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August 19, 2014 at 7:58 am #49183
I was looking for something else and came across this, William
August 19, 2014 at 10:21 pm #59061Thanks William for this formule which certainly can come in handy.
Would this be for watches, clocks or both?Jan
August 30, 2014 at 8:44 pm #59062Jan,
Pi R^2 = the area of the space inside the barrel. Pi r^2 = the area taken out by the barrel arbor. The area of the cylindrical space between the outer wall of the barrel and the arbor is Pi R^2 – Pi ^r^2. If you factor out Pi, this becomes Pi(R^2 – r^2). Since the area of something = Length x Thickness, the length of the spring will be Length = Area / Thickness or L = Pi(R^2 – r^2) / T. Also since the spring must coil and uncoil, space must be allowed in the barrel for this to happen. If you want 1/2 of the space to hold the wound coil and the other 1/2 of the space to allow the coil a place to go, then you can multiply (Pi(R^2 – r^2) / T) by 1/2. The result will be William’s formula which now becomes L = Pi(R^2 – r^2) / 2t. The number 2 is the control parameter that determines the amount of space taken up by the coiled spring and the amount of empty space that gives the coil a place to go when it uncoils. If necessary, you can change this value to suite the particular mechanism you are working on. :geek:
davidAugust 31, 2014 at 12:55 am #59063Thanks David for your lengthy and clear explanation of the formula. I guess my question should have been phrased: is the value of the constant in the denominator for clocks and/or watches?
I do understand that 2 in this case represents that the spring occupies about half of the width between the barrel arbor and the inside of the barrel wall.
De Carle states in his book “Practical Watch Repairing” that this should be less than 1/3 for watches. We can change the constant to 3 to calculate the length of the mainspring for watches.
Suppossing that half the width would be good for clocks then the formula is geared to clocks. I couldn’t find the ratio for clocks in the literature I have at hand.Jan
August 31, 2014 at 7:25 am #59064Jan,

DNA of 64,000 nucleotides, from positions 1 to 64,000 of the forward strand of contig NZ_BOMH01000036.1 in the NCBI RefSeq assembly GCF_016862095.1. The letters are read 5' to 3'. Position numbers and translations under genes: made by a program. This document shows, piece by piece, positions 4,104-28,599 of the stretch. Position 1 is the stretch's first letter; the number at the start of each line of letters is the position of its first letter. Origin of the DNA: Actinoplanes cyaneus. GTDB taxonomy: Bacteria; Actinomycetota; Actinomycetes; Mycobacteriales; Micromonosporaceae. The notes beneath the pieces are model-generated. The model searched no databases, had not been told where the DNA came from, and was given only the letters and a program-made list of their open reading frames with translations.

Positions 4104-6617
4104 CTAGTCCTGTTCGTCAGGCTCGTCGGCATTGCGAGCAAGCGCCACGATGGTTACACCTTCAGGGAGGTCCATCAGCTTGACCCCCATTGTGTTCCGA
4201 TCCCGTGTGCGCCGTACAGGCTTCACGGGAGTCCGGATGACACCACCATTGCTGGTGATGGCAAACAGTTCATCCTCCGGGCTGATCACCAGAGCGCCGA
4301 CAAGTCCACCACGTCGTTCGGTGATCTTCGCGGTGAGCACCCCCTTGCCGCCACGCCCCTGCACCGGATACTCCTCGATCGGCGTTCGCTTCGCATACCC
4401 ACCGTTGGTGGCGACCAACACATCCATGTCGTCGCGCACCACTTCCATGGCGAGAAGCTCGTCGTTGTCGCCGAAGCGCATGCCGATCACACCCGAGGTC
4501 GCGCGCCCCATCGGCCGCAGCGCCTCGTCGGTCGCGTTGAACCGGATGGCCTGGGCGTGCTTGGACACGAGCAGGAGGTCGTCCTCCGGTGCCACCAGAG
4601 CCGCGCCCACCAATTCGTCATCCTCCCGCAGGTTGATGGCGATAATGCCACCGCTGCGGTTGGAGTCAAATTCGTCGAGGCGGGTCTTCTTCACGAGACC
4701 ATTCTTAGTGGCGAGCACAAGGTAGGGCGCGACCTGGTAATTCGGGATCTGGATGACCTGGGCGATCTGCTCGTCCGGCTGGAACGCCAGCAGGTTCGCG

The “experts” who write watch repair books are really no different than the rest of us. They get their information from various sources such as books wirtten by other experts, articles, interviews and practical experience. A lot of times when a number is thrown out to the rest of us it may be nothing more than an estimated guess. If one source says 1/3 and another source says 1/2 it does not mean that one is wrong and the other is correct. One number will simply run the mechanism longer than the other number.
That said, I feel that the smaller the watch, the more critical the issue of wasted space becomes. Larger watches and particularly clocks can afford a wider latitude in this area. In the end result the way the mechanism behaves determines the correct ratio of coil thickness to barrel space. Since the inversely proportionly control parameter controls the length of the spring, as the number gets larger you simply end up with a shorter spring and more barrel space. The margin of error is then the length of time the mechanism will run between windings.
davidOctober 8, 2014 at 11:51 pm #59065David:
We haven’t met – my name is Tim – but, after reading your formulation explanation, I gotta wonder: were you ever a candidate for the Nobel Prize in Mathematics? If not, it may be time for your name to be submitted for consideration. I’m going to come to you with all my math questions, since math, to me, is very much a foreign language!
Awesome breakdown of that formula!
Tim
February 20, 2015 at 10:23 pm #59066Tim,
I am simply a humble truck driver.
david 
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